This brought home to me the fact that in our schools although we teach English, arithmetic, and so on, and are now even teaching sex, we do not give any help in presenting a code of ethics for parenthood, which is perhaps the greatest art of all.
He went on to make his case to the education committee.
The reply from the authority rather disturbs me, and I should like the opinion of my hon. Friend on it. The chairman of the local education committee wrote:
I wish to acknowledge your letter dated 20th March concerning the question of teaching 'The Ethics of Parenthood'. No further progress has been made in this matter yet in that no consultations have been held with the teacher organisations. At the same time I must point out that this subject is, of course, dealt with already in many of our schools in a general way and I doubt whether there is any possibility of having a set subject entitled 'The Ethics of Parenthood'.
That sort of reply is most discouraging. I have just said that many people think that the present practices at the end of a secondary school child's school life yield very little, and an extra year for a certain number of these children may not be very rewarding. I therefore support Councillor Donald Alexander in what he is trying to do.
I shall take up the matter with the local education committee, and I hope that that committee and other education committees will seriously consider the subject. I shall seek the help of Councillor Alexander and others in seeing what can be done. At least it is worth a try. I am grateful to my hon. Friend the Under-Secretary for listening to this case, and I shall be very interested to hear what he has to say.
I am sure that when we are dealing with something so immensely important as the raising of the compulsory school leaving age we all benefit by discussions about it, and I am therefore extremely grateful to my hon. Friend the Member for Birmingham, Selly Oak (Mr. Gurden) for raising one particular aspect of the matter. I am Only sorry that both he and I are severely restricted as to time and so cannot develop our arguments as fully as we should like.
I also entirely respect, though he will know that I do not share, his reservations about the wisdom of the step in principle. I must say that for me, at any rate, there is no other weapon in the armoury of the education departments in the United Kingdom at their command at the present time that I know, which can more assuredly bring closer equal opportunity for our young people than the raising of the school leaving age. I would, of course, hinge this in part on the very point which my hon. Friend himself made, and it was a perfectly fair point, that in a number of areas—including, incidentally, that which I represent in the House—young people are encouragingly staying on increasingly already after the compulsory period of schooling. As he will know with his much greater experience, there is a great diversity in different parts of the country, and it is this more than anything else which encourages me to believe that the law should take its stand. At any rate, this is the decision which the House has come to. It will take effect, comparatively speaking, quite shortly, and I hope and believe that it will be a very historic occasion. But he is equally right that a large number of people are concerned about the effective and proper use of that additional year. He will, for example, recall that it was the Newsom Report of 1963 which made the point strongly that the curriculum in secondary schools needed a good deal of revision if it was to continue to appeal to pupils of average and below average ability. Looking ahead, as it was in 1963, to the raising of the school leaving age, the report also made the point that the fifth year should not be looked upon just as being tacked on artificially but that a co-ordinated curriculum covering the five years of secondary education was needed.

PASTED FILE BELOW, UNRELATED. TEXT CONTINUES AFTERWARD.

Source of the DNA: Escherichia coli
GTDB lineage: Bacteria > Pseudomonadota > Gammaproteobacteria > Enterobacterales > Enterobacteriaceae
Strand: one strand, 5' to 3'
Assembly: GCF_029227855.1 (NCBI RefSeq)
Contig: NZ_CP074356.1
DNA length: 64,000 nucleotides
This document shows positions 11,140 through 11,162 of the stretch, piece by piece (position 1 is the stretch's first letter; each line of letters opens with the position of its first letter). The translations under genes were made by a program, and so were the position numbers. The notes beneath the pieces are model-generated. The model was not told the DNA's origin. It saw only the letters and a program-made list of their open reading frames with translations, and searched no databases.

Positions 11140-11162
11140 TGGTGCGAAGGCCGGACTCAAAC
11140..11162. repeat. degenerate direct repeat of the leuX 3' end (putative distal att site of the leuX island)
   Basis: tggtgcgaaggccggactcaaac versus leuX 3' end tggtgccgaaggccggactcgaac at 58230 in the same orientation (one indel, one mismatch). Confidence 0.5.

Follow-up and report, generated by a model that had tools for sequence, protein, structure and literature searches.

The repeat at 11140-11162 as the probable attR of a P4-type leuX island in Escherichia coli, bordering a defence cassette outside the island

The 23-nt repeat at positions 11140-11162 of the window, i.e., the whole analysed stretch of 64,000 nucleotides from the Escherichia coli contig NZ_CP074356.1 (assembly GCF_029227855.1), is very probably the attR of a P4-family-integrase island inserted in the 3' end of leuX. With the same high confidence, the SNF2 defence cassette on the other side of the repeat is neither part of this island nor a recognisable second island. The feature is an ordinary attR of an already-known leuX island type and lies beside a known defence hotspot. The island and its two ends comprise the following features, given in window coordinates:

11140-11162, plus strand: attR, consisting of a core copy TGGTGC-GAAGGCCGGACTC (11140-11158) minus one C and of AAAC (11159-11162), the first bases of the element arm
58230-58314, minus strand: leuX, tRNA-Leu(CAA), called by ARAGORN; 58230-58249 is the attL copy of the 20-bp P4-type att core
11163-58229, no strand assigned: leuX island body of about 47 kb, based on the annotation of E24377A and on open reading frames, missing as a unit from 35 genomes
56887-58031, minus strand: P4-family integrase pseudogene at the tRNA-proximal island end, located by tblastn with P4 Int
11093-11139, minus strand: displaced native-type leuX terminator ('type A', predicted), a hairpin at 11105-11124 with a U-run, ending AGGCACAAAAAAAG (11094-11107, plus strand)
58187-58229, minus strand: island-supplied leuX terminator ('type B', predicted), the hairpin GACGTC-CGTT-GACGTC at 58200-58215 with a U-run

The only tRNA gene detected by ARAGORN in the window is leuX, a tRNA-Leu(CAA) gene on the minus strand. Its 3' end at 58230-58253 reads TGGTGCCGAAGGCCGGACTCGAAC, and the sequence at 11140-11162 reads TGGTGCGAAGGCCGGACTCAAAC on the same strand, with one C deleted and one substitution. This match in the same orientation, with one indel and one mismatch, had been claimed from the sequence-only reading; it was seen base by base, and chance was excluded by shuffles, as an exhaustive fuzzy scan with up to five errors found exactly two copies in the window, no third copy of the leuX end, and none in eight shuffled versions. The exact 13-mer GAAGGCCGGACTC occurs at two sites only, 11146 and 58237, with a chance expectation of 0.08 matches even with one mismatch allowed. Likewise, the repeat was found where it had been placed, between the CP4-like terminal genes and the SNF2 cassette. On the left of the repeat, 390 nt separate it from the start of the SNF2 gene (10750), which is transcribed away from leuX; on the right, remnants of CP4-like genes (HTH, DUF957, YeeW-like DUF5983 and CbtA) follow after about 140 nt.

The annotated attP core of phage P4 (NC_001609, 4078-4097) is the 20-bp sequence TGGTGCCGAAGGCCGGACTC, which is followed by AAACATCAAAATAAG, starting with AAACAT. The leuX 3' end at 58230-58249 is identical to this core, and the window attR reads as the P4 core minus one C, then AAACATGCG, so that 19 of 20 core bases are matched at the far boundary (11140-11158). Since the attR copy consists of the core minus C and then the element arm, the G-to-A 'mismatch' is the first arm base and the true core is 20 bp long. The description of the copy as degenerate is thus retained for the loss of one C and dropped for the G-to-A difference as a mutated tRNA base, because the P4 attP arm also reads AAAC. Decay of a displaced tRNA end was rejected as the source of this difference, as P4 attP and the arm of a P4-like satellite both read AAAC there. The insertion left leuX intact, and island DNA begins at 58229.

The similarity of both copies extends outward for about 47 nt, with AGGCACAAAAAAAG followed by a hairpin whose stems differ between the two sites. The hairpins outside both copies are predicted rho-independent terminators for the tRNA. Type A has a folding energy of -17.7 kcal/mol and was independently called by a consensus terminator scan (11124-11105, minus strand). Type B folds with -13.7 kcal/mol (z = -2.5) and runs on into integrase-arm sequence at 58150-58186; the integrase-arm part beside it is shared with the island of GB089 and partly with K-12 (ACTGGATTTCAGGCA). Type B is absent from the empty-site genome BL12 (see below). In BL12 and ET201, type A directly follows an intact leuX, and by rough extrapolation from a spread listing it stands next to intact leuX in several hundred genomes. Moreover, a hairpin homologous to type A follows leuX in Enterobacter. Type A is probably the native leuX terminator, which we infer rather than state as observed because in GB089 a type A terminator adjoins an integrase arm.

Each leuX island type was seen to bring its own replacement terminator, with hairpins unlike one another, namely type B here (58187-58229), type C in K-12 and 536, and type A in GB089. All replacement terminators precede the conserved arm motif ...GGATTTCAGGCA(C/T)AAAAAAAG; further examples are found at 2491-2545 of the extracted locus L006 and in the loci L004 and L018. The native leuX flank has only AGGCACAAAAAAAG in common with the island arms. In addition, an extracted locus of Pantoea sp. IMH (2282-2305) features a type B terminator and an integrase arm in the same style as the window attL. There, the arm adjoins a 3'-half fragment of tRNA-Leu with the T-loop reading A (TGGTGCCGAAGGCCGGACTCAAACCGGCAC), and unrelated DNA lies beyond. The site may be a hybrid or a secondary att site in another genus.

Here I come to the direct question asked by my hon. Friend, who wanted to know whether the Secretary of State had the power to decide the curriculum. The answer is "No". The Secretary of State can and does encourage, exhort and advise. She does not direct. According to the school concerned, this is a matter for the local education authorities or the governors of the voluntary aided schools. In practice, a great deal of responsibility here is rightly delegated to those in charge of the individual schools. But we in this country rightly are very careful about having so important and potent a power as that concentrated in the central hands of Ministers.
Obviously a great deal of thought and care has gone into the preparation, because this has been on the stocks for a considerable time. For example, taking the great city from which my hon. Friend comes, Birmingham's total building allocation over the three years 1970–71 to 1972–73 for the raising of the school leaving age amounted to over £2·5 million. I am told that the building work for the provision of the extra places required is now very well in hand.